One day soon, perhaps tomorrow, Vladimir Putin may order another "snap" military exercise in Northwest Russia, gathering more than 100,000 troops, including about 450 of among the world's most advanced main battle tanks, in close proximity with the borders of the Baltic states - Estonia, Latvia, and Lithuania.
This time, the "exercise" could turn into a real invasion of nations that are members of NATO. By law and moral commitment, an attack on them must be treated as a direct attack on the United States.
If existing plans within the Pentagon are carried out, the United States would do its best to honor its commitment by rushing into the war all of the forces we could get there quickly. But because the three presidents, of both parties, before Donald Trump, since the end of the Cold War, reduced the total number of American troops in Europe to less than the number of police officers in New York City, and deprived them of almost all heavy equipment, the best we could do would be to put in harm's way lightly armed airborne infantry, supported with perhaps 80 tanks.
And for the first time since the first encounter between the U.S. Army and Nazi forces in Tunisia, at the start of World War II, the Americans on the ground would not have air supremacy to cover them. Instead, though the U.S. and allied air forces would do their best, Russian air power and air defense systems would prevent the situation being saved from the air.
Just 60 hours after the first shot was fired, the Russian army would have conquered the Baltic states and more American soldiers would be dead than in the 16 years of war in Iraq and Afghanistan. It would be the most complete and stunning military defeat of the United States in our 240-year history.
This is the scenario demonstrated by the authoritative war game conducted on the subject by the Rand Corporation, and recently detailed from the podium of the World Affairs Council of Philadelphia.
While the policy implications of the facts derived from this war game are certainly subject to debate - what should we do about this gap between our commitments and our capabilities on the front lines with Russia - the technical accuracy of what sounds like a dystopian Hollywood film, is essentially uncontested.
What should we do?
The traditionalist school of thought, the view that has governed America's role in the world ever since Pearl Harbor, calls for moving forward, as quickly as possible, to the European front lines, sufficient American ground forces, including sufficient heavy weapons, to restore deterrence of the Russians. Specifically, this approach would require that we put in place forces large and strong enough so that when the Russians do their own war games of a possible Baltic invasion, they conclude that, while they might still conquer these nations, it would take not hours, but weeks, long enough for the United States to mount a "liberation" counteroffensive with forces sent by ship.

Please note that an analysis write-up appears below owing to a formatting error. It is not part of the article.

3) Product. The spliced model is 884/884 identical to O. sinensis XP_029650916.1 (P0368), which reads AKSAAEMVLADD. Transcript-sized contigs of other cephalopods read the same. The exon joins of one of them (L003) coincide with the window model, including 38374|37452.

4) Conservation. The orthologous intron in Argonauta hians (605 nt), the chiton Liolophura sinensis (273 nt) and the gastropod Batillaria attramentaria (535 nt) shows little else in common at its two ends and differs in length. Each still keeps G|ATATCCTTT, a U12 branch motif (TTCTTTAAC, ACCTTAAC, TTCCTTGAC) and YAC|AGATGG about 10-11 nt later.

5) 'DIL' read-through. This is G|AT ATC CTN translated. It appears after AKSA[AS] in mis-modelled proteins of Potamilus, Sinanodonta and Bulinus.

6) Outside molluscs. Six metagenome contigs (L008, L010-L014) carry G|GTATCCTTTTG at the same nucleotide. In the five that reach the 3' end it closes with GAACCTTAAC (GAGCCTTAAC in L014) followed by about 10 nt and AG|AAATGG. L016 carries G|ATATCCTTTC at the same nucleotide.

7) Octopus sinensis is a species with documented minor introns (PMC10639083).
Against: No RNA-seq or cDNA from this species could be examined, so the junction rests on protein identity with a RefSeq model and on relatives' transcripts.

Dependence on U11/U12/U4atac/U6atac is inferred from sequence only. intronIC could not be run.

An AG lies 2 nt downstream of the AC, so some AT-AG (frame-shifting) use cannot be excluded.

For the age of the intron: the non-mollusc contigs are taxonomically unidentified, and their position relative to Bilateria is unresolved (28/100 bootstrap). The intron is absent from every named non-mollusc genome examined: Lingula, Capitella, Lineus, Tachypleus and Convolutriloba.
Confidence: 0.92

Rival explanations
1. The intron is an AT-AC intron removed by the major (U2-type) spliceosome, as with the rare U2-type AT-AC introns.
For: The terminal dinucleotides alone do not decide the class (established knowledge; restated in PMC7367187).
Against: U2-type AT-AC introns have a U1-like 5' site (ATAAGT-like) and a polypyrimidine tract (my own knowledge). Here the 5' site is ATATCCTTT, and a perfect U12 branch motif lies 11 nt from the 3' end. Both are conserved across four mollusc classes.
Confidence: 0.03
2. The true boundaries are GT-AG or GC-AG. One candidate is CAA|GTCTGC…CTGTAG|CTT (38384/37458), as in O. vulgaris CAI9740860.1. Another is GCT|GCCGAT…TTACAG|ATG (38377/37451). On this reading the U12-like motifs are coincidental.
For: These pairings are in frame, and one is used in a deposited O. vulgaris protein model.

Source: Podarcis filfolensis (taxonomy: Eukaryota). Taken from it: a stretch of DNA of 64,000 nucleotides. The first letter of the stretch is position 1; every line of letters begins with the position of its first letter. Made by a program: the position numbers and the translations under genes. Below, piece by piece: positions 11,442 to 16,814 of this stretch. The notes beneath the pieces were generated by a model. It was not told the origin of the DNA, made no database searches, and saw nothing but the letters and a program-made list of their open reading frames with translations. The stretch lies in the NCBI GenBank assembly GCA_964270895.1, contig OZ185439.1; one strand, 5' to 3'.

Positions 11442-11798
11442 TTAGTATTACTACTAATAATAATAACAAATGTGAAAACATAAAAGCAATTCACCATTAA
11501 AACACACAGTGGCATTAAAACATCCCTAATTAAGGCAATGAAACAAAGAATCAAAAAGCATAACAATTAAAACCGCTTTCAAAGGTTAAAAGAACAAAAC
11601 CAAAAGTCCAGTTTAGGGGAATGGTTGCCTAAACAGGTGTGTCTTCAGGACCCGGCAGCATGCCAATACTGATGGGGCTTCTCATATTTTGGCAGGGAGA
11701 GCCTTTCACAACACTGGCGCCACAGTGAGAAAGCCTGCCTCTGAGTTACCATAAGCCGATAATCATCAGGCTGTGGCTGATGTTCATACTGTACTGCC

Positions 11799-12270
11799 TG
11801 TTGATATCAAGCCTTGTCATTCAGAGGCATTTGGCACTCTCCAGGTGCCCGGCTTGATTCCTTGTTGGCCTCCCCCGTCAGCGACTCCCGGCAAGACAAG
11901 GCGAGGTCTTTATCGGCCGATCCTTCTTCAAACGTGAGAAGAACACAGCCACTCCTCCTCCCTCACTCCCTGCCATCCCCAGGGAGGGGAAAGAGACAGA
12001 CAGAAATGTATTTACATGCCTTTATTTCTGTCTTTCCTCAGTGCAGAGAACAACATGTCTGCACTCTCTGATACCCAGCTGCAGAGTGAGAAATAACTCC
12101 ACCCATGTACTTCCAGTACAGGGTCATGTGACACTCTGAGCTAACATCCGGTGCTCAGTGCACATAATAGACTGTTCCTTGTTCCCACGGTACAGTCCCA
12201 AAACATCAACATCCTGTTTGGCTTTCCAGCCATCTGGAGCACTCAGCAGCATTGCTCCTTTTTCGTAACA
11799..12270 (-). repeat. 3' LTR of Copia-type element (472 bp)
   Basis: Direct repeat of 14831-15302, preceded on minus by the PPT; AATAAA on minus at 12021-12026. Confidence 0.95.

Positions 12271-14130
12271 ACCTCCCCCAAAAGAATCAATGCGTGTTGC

Depriving Putin of even the hypothetical possibility of a quick and cheap victory, from the Russian perspective, would prevent this war from ever happening, so long as our forward deployments were sufficient for a successful defense but not large enough to provoke the Russians, based on a reasonable fear by them that our capabilities could be an offensive threat against Russia.
This is the doctrine of "peace through strength," the version of deterrence and containment of "The American Century," a postwar time when peace among the major powers and a growing global prosperity was secured by U.S. leadership.
The Rand scholars estimate that such a buildup would cost not more than $15 billion of our half-trillion-dollar defense budget.
But there is a new school of thought on the rise, if not now firmly in charge - the "America First" doctrine.
In this view, the U.S. commitment to NATO, even to the broad principle that nations must not be permitted to conquer other nations, takes a back seat to the sovereign freedom of the United States to protect only itself and to the notion that a clash of civilizations between the majority Christian nations, including Putin's Russia, against the jihadi currents in the Islamic world, and the perception of economic and security threats from the rising China, take precedence over our long-standing concerns about Europe and containing Russia.
When one looks at the decisions U.S. policymakers of both parties have made over the last generation, allowing our commitments to be vastly greater than our capabilities, and focusing the majority of our diminished capabilities on the Middle East, one might say that President Trump's worldview isn't new - it is merely honestly naming the de facto policies we had before he came to power.
But now Trump is president and he has surrounded himself with a national security team that includes both "America First" advocates and apparent believers in "The American Century."
Every American must understand that Putin has more than sufficient capability to force us to decide, perhaps tomorrow, in the most fateful way since Pearl Harbor, which school of thought truly reflects America's interests and values.
Craig Snyder is president and CEO of the World Affairs Council of Philadelphia. firstname.lastname@example.org